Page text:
Radioisotope-based conservation project launched to check rhino poaching

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In yet another demonstration of the benefits of nuclear technology, an international project was launched in South Africa earlier this month that aims to drastically reduce the scourge of rhinoceros poaching by introducing radioisotopes into the horn of rhinos. The purpose of the Rhisotope project, formally launched on May 13, is to create an effective means to significantly reduce the number of rhinos being poached and killed for their horns.

According to a statement by the Russian state atomic energy corporation Rosatom, the Rhisotope project will investigate introducing harmless quantities of radioactive isotopes into the horn of a rhino with the aim of decreasing the demand for rhino horn on the international market, as well as making it more detectable when crossing international borders. It is an initiative involving South Africa’s Witwatersrand University, Rosatom, the Australian Nuclear Science and Technology Organisation (Ansto), the Nuclear Energy Corporation of South Africa (Necsa) and Colorado State University in the US, together with global scientists, researchers, rhino owners and the renowned veterinary surgeon and rhino expert William Fowlds.

The project website says that it aims to provide science-based solutions in the toolkit for rhino protection, and that innovation and the ability to evolve is key to this conservation effort in the rapidly changing landscape. “Traditional anti-poaching methods are still not enough and even though trade in rhino horn is illegal and banned internationally, there are many countries that drive the illicit sale of horn, countries like Vietnam, China, Cambodia, Croatia and North Korea to name a few”, it said.

Rosatom is a key supporter and partner in the project that was launched at South Africa’s magnificent Buffalo Kloof Private Game Reserve, which is an important collaborator in the project. Under the project’s first phase, a trace amount of completely harmless, stable isotopes will be carefully introduced into the horns of two rhinos. Thereafter, for the next three months, scientists will monitor the rhinos and analyse various samples to understand how the isotope interacts within the horn and the animal, Rosatom said.

“The key aspect of this research will be to confirm that by introducing radioactive isotopes into the horns of these rare and beautiful animals it will cause them no harm. Computer and phantom modelling will also be used to confirm this, as well as identify the appropriate radioactive isotope and quantity to be used,” the Rosatom statement said.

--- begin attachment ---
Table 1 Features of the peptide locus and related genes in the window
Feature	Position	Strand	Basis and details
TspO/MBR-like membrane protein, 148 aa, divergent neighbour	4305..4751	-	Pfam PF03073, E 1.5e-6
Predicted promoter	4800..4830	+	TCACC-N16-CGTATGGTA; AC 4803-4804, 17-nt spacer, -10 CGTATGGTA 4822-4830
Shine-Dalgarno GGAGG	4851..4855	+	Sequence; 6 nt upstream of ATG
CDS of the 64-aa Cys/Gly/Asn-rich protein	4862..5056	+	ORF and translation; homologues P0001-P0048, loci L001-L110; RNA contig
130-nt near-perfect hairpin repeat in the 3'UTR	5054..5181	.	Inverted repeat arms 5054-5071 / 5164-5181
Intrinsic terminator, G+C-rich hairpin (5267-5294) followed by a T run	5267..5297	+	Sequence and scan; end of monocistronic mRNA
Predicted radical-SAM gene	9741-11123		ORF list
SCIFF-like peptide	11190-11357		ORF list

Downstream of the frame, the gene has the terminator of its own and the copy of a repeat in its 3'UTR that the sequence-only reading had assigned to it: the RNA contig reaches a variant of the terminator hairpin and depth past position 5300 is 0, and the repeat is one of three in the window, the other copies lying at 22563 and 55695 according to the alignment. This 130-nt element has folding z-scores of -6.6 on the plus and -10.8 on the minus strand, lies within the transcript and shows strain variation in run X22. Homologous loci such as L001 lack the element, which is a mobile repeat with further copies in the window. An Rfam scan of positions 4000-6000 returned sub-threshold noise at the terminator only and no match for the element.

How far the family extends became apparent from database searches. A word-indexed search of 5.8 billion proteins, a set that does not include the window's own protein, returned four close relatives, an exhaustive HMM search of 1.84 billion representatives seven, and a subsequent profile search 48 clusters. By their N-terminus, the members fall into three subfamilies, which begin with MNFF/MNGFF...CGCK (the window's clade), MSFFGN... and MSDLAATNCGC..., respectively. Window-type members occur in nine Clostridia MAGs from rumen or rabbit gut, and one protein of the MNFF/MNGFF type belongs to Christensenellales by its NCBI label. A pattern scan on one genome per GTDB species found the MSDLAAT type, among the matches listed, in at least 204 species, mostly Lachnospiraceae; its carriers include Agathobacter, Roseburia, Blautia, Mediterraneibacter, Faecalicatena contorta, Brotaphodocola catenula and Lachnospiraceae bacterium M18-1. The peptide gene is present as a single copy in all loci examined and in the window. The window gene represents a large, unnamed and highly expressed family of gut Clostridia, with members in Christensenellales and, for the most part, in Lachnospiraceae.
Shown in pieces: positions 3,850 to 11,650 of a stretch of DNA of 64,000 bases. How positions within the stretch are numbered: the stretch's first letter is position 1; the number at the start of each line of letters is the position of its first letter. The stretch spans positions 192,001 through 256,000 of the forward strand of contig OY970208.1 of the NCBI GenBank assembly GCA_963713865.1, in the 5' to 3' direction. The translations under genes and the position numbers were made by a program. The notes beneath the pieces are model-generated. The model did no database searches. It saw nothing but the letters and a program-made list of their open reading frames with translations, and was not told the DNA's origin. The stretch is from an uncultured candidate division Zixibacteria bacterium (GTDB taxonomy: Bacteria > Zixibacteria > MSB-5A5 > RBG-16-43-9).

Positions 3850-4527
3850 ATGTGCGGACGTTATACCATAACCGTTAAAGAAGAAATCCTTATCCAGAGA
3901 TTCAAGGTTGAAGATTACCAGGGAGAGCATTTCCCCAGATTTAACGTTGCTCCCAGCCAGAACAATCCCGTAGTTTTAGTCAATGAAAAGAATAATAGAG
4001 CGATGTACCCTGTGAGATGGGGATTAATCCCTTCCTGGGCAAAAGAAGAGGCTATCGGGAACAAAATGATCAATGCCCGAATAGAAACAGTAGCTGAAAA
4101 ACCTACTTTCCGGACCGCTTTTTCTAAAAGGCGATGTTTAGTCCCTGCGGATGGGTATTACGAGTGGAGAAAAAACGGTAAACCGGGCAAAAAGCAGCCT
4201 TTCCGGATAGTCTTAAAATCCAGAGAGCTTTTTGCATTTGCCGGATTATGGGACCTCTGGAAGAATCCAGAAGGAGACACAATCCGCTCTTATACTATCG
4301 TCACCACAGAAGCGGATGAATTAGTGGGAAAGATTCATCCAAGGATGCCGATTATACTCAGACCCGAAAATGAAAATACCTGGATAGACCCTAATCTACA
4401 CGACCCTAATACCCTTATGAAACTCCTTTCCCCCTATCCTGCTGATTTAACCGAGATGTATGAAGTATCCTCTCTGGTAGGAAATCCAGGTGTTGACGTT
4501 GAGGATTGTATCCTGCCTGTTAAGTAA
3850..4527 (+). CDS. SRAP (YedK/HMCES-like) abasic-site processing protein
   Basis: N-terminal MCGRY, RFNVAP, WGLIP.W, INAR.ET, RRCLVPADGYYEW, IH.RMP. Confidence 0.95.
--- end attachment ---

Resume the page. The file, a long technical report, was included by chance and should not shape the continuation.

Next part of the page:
“With over 10,000 radiation detection devices installed at various ports of entry across the globe, experts are confident that this project will make the transportation of horn incredibly difficult and will substantially increase the likelihood of identifying and arresting smugglers,” it added.

Igor and Denver are the rhino pioneers and the main heroes of this project. Igor is named after Igor Kurchatov, a pioneering Soviet nuclear physicist who contributed greatly to the development of civil nuclear technology, while Denver is named after the US state capital of Colorado, in honour of the efforts provided in the project by Colorado State University.

According to the South African Department for Forestry, Fisheries and Environment, 394 rhinos were poached for their horn in South Africa during 2020. With illicit sales valued at around $50,000 per kilogram, rhino horn is one of the most valuable substances on earth, while its trade is linked with major black market crimes, including weapons, drugs and human trafficking, according to the Rhisotope Project. South Africa is home to 90 percent of the world’s rhino population, and from 2010 to 2019, over 9,600 rhinos were killed in poaching attacks. It is estimated that at the current rate of loss, the wild rhino will become extinct in less than 8-10 years.

“One of the very few countries in the world, where you can come and see the big five. We’ve got to work hard to maintain that for the two reasons in the industry: for the people’s employment, for the benefit of everyone who lives and works around the game farm. You have to realize that you can shoot a rhino once, but if you shoot it with a camera, you can do it a hundred times, a thousand times and people will keep coming back to see these beautiful animals, that’s jobs for a lot of people, that’s growth of the economy”, said Professor James Larkin, Director at the Radiation and Health Physics Unit at project partner University of Witwatersrand.

Rosatom said that the Rhisotope Project is multifaceted and relies on the key principles of demand reduction and horn devaluation, community upliftment and investment, as well as education, rhino research and data collection.

“We are incredibly proud to play a fundamental role in this amazing initiative, which has the potential to save this incredible species from certain extinction. We are also humbled by the fact that science is able to transcend boundaries, borders and politics as shown by this global initiative in a race against the plight of the African rhino. We believe that science, and particularly nuclear science, will play a fundamental role in not only protecting the rhino, but our planet in general”, said Rosatom Central and Southern Africa CEO Ryan Collyer.

Once the research work has been completed and a proof of concept has been demonstrated, this technique will then be offered to both state and private rhino owners on the African continent and globally. The intellectual property as well as training and assistance will be made freely available to conservation organisations who may wish to utilise this process to further protect their animals from poaching, the statement added.

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